Home Fire is a novel of such acute insight into our contemporary condition that it’s a bit of a shock to realise it’s based on a play written 2500 years ago. Author Kamila Shamsie signals her debt to Sophocles’ Antigone with her epigraph: “The ones we love … are enemies of the state.” In the classic play, Antigone’s beloved brother Polynices is killed in a rebellion and the king denies him a proper burial. Antigone defies the king to bury her brother. The king punishes her, but as a consequence loses his own son, who is her betrothed. It is a searing tale about love, loyalty and family in conflict. Add faith to the mix, take terrorism as the ultimate and most destructive of rebellions, set the story in London and you’ve got the explosive premise of Shamsie’s sensational seventh novel, longlisted for the Man Booker Prize .
Home Fire is divided into five sections, one for each of its protagonists. Perspectives shift, angles tilt. First is Isma, who with her younger twin siblings was orphaned when their long-absent father dramatically reappeared in their lives as a dead terrorist, tortured and gone before he even reached Guantanamo. In the United States to do a PhD, Isma meets Eamonn, a charming and wealthy knockabout. “Eamonn” turns out to be an Anglicisation of the Muslim name Ayman. And Eamonn turns out to be the son of Karamat Lone, an ostentatiously assimilated and ambitious Pakistani immigrant who has become British home secretary. We then join Isma’s 19-year-old brother, Parvaiz, who has recently disappeared under sickeningly suspicious circumstances. The fourth part pivots to Parvaiz’s clever, beautiful and devoted twin sister, Aneeka, a law student who becomes fatefully entangled with Eamonn, leading to a crisis that is both personal and political for them all.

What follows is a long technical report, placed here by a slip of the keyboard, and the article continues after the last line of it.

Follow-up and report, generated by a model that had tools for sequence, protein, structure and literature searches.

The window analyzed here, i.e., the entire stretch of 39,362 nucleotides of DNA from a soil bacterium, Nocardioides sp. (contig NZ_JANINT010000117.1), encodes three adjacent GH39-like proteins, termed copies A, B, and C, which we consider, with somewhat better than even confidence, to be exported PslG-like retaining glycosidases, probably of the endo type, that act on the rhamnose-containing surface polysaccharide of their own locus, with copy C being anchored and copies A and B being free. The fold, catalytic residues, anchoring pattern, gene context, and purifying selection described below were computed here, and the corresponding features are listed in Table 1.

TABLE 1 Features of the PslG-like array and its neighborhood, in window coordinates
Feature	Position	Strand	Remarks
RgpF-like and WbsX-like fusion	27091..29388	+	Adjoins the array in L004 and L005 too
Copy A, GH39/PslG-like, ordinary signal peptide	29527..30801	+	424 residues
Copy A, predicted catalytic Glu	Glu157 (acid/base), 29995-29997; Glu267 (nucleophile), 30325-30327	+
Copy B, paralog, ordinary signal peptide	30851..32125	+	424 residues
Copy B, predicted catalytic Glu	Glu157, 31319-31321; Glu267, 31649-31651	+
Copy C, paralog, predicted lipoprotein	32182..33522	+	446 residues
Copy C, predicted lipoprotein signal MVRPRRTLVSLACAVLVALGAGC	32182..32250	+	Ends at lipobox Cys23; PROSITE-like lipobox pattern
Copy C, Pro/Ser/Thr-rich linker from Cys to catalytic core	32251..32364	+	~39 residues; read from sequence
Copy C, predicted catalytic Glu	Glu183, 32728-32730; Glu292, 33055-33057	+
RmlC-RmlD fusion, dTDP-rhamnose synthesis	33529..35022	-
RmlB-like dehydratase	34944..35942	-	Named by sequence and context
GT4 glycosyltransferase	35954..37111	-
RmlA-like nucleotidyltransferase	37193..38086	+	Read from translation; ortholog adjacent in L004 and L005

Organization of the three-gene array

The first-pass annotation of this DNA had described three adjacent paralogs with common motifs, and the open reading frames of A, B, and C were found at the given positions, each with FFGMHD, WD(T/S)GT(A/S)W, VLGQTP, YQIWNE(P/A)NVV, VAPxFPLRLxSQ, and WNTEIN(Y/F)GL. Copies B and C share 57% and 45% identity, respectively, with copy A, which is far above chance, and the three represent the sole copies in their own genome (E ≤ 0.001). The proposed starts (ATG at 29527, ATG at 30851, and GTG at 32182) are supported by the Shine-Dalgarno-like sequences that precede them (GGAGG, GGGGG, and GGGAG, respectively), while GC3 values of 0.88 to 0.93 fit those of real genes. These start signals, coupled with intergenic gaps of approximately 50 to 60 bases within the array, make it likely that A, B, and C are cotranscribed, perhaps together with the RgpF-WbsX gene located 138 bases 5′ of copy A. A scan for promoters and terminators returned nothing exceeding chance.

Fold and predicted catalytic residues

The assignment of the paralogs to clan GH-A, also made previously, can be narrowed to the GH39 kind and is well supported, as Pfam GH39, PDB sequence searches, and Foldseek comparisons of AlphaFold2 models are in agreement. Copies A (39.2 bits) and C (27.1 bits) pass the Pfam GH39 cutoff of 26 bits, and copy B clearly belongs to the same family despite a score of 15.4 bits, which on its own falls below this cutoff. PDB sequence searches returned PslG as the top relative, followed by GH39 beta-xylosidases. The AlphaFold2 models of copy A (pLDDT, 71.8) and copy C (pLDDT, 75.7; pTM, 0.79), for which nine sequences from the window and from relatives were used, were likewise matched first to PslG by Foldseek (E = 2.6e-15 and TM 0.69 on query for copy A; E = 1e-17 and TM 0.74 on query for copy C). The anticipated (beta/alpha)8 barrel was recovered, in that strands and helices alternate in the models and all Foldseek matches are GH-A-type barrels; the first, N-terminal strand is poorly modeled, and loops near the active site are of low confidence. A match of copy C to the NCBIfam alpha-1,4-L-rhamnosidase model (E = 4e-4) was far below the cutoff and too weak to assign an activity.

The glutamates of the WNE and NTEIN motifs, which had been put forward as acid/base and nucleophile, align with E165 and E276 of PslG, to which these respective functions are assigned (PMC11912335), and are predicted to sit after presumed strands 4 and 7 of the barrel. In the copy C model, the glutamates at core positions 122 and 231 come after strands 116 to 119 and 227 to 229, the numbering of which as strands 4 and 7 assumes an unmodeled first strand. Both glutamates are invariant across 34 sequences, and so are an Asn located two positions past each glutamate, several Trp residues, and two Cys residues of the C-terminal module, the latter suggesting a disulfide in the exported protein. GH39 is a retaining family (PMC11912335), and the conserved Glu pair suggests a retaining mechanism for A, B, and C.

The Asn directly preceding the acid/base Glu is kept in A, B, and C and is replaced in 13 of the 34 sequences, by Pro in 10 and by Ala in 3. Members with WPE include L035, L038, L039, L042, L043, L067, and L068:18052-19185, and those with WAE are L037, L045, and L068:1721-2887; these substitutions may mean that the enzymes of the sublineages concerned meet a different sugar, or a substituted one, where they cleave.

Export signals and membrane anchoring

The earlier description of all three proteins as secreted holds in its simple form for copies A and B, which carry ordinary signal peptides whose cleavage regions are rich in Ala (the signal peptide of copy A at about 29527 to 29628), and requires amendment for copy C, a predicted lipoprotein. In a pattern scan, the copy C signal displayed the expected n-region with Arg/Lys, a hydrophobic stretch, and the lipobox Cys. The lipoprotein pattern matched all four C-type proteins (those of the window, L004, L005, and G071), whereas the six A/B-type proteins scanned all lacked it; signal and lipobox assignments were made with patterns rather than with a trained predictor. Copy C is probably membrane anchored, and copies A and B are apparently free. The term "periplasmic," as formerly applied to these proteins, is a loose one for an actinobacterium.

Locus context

Aneeka and Parvaiz are literal twins, but Home Fire is littered with symbolic pairs. There is family and country; fathers and sons; the religious and the profane; brutality and compassion; privilege and poverty and “people like me and people like you”, as Aneeka remarks to Eamonn. Also, torture as applied by the CIA to save Western civilisation and as practised by ISIS (Daesh) to destroy it, each drawing justification from the other. Like yin and yang, the pairs circle in eternal embrace, each containing a dollop of the other.